Your feet are a marvelous creation. Heed your built in warning system to keep them from going over the edge this New Year.
So what is this early warning system? Our feet let us know when they are approaching danger. So often patients ask why all of a sudden they are developing foot pain. Most of the time they don’t have severe foot deformities and are inclined to ignore their pain. The truth is that your foot can take a lot of abuse, but when you accumulate too much stress, you may push it over the edge and begin to develop chronic foot pain.
So what causes the pain if you haven’t had an injury? The way I like to explain this, is to compare it to your hands. Our fingers have to move all the time and as long as we move them within a certain range, we don’t have pain. However, our feet must bear all our weight as the joints move. You have to add to this the amount of time you are on your feet during the day including when you exercise. As long as our weight is evenly distributed throughout the foot as we move forward, and we work our joints within a certain range, our feet are happy.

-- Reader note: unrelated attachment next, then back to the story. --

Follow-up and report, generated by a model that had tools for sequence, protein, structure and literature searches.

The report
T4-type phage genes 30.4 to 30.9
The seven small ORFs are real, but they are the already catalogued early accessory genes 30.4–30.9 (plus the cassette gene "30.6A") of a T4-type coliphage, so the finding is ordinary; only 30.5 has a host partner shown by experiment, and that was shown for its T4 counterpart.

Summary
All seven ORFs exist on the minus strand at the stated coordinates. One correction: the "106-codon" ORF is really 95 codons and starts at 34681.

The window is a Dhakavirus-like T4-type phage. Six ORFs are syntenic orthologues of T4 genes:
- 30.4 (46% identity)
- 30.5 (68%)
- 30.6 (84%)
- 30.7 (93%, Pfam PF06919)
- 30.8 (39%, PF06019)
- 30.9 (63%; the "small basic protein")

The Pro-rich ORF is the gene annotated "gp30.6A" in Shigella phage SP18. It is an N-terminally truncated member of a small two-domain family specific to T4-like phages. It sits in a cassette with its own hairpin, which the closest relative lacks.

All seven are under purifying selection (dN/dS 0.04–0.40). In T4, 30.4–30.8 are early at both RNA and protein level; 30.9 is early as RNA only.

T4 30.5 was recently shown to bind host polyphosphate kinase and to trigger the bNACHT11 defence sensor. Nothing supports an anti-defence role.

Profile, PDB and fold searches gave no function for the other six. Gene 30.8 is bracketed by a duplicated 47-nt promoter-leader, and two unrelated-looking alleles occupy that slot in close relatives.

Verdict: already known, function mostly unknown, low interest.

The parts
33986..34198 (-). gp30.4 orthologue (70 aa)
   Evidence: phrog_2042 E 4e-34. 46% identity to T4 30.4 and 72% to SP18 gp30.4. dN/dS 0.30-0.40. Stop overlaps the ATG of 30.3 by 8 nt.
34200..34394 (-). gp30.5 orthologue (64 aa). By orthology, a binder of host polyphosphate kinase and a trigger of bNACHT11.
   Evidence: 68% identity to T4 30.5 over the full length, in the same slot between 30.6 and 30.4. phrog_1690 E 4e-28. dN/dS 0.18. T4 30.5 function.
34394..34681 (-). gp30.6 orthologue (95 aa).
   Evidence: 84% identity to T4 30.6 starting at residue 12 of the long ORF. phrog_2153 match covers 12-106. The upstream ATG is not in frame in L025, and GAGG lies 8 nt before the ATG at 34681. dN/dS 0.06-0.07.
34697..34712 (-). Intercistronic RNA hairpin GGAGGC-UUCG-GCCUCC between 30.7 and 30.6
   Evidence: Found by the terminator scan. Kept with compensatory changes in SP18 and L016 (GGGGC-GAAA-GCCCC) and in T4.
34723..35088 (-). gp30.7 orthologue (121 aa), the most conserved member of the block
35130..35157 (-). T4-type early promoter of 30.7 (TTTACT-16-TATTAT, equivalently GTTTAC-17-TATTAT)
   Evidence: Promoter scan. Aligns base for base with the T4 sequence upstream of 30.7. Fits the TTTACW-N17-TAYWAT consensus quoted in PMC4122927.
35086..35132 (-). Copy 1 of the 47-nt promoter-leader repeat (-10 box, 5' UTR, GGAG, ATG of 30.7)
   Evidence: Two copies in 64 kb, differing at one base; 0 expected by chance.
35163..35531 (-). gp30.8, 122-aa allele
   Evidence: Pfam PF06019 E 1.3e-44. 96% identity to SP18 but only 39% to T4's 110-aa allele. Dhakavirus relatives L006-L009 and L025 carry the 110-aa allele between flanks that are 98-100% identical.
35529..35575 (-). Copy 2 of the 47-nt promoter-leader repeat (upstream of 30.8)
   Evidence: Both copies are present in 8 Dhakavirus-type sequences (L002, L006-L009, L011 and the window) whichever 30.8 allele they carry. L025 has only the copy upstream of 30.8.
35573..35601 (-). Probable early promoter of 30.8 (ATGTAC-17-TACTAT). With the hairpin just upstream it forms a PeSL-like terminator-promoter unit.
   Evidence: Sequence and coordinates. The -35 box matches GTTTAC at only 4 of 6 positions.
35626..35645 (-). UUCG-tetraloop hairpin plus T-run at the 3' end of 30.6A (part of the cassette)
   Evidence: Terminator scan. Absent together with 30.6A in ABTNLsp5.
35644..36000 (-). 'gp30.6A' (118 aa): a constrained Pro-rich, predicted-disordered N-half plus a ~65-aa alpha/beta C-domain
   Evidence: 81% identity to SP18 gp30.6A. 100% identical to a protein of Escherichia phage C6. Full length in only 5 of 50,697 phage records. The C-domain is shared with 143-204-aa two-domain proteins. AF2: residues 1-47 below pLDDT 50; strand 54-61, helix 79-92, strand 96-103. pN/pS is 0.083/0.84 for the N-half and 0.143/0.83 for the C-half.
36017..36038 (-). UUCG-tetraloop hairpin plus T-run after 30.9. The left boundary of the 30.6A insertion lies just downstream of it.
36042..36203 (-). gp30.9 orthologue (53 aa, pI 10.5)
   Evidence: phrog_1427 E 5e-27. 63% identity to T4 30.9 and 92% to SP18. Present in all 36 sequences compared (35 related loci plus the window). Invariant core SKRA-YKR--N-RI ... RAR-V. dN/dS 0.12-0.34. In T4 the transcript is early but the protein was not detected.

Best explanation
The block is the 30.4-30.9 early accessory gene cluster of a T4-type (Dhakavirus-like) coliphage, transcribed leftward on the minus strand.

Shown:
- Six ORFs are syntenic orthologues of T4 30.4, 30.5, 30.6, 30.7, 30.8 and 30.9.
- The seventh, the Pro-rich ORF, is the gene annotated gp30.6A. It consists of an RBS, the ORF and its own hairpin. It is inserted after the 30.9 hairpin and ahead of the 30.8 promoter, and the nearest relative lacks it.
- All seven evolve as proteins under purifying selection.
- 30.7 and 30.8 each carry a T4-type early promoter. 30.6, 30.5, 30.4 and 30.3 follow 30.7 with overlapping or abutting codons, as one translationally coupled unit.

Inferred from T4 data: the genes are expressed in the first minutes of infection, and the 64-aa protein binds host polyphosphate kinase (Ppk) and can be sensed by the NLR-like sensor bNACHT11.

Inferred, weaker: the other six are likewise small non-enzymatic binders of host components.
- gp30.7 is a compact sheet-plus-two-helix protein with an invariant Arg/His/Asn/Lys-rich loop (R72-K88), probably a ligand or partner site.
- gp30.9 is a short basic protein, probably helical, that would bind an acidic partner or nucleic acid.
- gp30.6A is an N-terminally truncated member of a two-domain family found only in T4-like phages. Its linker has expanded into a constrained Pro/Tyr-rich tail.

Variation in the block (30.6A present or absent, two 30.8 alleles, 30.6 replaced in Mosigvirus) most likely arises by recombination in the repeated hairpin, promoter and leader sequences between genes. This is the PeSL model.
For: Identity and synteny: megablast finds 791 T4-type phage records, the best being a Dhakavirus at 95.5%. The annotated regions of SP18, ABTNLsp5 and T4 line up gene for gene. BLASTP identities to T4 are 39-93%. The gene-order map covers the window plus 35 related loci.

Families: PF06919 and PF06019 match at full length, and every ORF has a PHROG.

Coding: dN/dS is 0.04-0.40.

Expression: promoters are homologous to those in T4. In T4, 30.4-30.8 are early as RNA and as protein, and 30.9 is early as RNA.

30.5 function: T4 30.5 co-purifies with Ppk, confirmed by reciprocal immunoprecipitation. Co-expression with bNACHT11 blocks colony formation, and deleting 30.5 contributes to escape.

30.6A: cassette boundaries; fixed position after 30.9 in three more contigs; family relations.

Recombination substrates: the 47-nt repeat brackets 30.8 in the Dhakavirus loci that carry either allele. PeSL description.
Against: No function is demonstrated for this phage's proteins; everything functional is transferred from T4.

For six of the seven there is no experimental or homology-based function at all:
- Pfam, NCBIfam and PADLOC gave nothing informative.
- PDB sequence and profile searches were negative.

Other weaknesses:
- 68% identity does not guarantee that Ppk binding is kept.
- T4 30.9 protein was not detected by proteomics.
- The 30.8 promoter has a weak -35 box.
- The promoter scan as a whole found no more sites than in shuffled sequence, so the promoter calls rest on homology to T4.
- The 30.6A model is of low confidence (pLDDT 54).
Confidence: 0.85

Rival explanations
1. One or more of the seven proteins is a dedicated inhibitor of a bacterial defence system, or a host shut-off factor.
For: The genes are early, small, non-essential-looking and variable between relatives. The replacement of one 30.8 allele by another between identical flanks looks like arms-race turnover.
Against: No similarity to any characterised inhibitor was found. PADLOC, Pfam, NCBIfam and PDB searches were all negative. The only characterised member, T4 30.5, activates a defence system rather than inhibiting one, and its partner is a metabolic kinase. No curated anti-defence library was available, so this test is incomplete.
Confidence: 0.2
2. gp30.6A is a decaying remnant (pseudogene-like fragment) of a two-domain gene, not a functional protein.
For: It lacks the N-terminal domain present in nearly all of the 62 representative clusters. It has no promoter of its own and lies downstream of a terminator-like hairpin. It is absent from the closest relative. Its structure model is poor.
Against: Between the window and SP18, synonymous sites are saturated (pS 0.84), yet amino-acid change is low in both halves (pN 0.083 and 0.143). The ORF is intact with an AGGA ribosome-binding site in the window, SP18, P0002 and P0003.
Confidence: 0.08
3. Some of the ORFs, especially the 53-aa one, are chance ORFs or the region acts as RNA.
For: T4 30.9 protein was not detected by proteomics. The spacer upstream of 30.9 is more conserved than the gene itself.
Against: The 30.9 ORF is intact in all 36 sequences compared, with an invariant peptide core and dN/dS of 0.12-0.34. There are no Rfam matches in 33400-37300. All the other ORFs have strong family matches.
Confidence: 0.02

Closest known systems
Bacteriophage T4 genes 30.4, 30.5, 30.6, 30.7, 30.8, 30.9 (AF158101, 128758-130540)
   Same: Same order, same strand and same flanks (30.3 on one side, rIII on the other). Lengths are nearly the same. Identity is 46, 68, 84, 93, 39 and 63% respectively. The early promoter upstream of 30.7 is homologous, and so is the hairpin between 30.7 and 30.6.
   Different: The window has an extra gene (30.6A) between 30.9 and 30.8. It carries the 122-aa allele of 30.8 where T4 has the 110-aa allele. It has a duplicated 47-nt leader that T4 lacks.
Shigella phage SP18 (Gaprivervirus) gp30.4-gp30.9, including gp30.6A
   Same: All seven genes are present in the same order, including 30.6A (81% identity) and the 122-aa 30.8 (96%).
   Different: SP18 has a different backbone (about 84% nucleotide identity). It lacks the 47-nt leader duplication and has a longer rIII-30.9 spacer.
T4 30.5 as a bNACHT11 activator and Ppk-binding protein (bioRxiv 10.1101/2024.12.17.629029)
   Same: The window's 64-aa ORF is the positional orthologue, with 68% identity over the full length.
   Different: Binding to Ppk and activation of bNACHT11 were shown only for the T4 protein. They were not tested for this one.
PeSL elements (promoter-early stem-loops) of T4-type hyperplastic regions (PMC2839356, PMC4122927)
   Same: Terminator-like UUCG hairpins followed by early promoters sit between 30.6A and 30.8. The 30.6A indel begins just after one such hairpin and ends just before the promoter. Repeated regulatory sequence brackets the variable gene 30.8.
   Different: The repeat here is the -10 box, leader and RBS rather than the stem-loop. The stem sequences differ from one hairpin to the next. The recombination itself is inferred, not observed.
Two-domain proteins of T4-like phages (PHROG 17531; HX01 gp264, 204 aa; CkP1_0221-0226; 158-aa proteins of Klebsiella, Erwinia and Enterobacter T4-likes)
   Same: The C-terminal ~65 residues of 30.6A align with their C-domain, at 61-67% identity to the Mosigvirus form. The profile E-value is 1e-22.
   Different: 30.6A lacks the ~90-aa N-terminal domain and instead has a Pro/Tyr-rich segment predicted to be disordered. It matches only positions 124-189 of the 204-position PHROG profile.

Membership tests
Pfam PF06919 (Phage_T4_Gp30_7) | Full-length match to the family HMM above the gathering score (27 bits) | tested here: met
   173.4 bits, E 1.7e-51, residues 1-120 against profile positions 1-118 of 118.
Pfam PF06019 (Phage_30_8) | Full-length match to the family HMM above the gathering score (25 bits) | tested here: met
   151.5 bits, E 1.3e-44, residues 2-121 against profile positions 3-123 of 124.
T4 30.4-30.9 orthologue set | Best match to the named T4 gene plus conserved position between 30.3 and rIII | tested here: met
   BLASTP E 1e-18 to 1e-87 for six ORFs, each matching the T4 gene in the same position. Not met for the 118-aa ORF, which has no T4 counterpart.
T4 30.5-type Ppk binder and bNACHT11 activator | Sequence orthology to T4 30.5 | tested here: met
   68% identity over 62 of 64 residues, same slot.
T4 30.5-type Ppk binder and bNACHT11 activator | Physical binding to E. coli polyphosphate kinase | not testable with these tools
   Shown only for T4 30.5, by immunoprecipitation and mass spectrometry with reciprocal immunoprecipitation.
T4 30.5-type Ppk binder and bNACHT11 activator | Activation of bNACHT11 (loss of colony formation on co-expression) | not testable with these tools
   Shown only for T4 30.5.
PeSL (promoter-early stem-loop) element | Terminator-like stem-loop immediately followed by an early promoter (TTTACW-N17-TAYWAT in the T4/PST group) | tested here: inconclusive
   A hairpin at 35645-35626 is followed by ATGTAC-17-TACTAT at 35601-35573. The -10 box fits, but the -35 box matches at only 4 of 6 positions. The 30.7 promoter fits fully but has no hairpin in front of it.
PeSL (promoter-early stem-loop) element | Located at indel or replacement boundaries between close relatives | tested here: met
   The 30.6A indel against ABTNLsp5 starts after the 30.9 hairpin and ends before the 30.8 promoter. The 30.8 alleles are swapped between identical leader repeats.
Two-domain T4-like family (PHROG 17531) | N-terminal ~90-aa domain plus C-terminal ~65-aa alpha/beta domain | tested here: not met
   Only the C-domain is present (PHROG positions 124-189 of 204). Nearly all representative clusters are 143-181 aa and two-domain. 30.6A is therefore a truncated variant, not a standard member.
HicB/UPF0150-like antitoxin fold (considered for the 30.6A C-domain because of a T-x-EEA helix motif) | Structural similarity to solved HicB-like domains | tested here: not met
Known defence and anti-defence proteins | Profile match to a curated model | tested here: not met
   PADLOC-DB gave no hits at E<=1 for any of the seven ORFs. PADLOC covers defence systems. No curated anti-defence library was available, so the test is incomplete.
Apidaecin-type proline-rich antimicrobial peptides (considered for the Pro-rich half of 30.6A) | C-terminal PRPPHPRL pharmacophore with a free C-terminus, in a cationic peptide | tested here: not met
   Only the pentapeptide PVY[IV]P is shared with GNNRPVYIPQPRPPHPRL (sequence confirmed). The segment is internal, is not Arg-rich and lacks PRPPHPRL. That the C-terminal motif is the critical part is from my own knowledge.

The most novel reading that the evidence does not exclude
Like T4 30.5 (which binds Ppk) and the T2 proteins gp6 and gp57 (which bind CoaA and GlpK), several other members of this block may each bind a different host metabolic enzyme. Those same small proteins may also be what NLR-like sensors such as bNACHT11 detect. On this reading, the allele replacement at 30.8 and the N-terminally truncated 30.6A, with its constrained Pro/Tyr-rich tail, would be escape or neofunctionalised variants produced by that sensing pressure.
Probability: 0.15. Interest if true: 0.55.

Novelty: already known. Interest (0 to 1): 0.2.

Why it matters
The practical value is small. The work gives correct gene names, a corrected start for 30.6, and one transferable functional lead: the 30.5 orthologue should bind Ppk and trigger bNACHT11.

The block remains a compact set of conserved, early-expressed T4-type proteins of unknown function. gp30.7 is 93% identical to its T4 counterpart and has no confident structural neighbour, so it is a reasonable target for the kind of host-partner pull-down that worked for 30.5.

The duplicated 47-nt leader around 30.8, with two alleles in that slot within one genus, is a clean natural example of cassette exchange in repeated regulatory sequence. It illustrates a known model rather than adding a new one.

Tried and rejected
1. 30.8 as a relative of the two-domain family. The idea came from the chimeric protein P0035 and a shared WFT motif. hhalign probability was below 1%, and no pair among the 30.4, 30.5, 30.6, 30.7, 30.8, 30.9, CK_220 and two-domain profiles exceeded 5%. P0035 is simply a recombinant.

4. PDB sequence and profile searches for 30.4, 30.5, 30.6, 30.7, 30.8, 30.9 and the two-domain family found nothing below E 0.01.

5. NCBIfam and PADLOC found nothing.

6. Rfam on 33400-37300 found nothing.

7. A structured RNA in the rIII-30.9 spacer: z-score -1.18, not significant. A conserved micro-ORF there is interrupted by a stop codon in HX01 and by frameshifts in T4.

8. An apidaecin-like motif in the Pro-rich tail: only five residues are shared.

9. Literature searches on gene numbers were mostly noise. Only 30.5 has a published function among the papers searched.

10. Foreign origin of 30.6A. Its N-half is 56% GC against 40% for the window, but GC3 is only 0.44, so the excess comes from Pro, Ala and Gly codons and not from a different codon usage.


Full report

However, if you add too much weight, have muscles of the lower leg that are too tight, overdo certain activities, have too low or too high an arch, or wear shoes that aren’t appropriate for the activity you are doing, you may activate your early warning system and develop pain. This is telling you to STOP! What a great system we have . We just need to heed the signals when we’re reaching the edge, and stop the activity.
With this New Year, review your checklist. Make sure your shoes are in good shape, and you are wearing the right shoe for the right activity. If you begin to develop discomfort, use Rest, Ice, Elevation, Compression, Stretching. Adding inserts such as Superfeet or Powerstep can also be very helpful (check out our online store for these products http://www.ourdoctorstore.com/bergdpm/.
If you’ve tried the above, and your computerized foot is still sending out a distress signal, pay attention to it, and have a professional evaluate your feet. Don’t let your feet go over the cliff!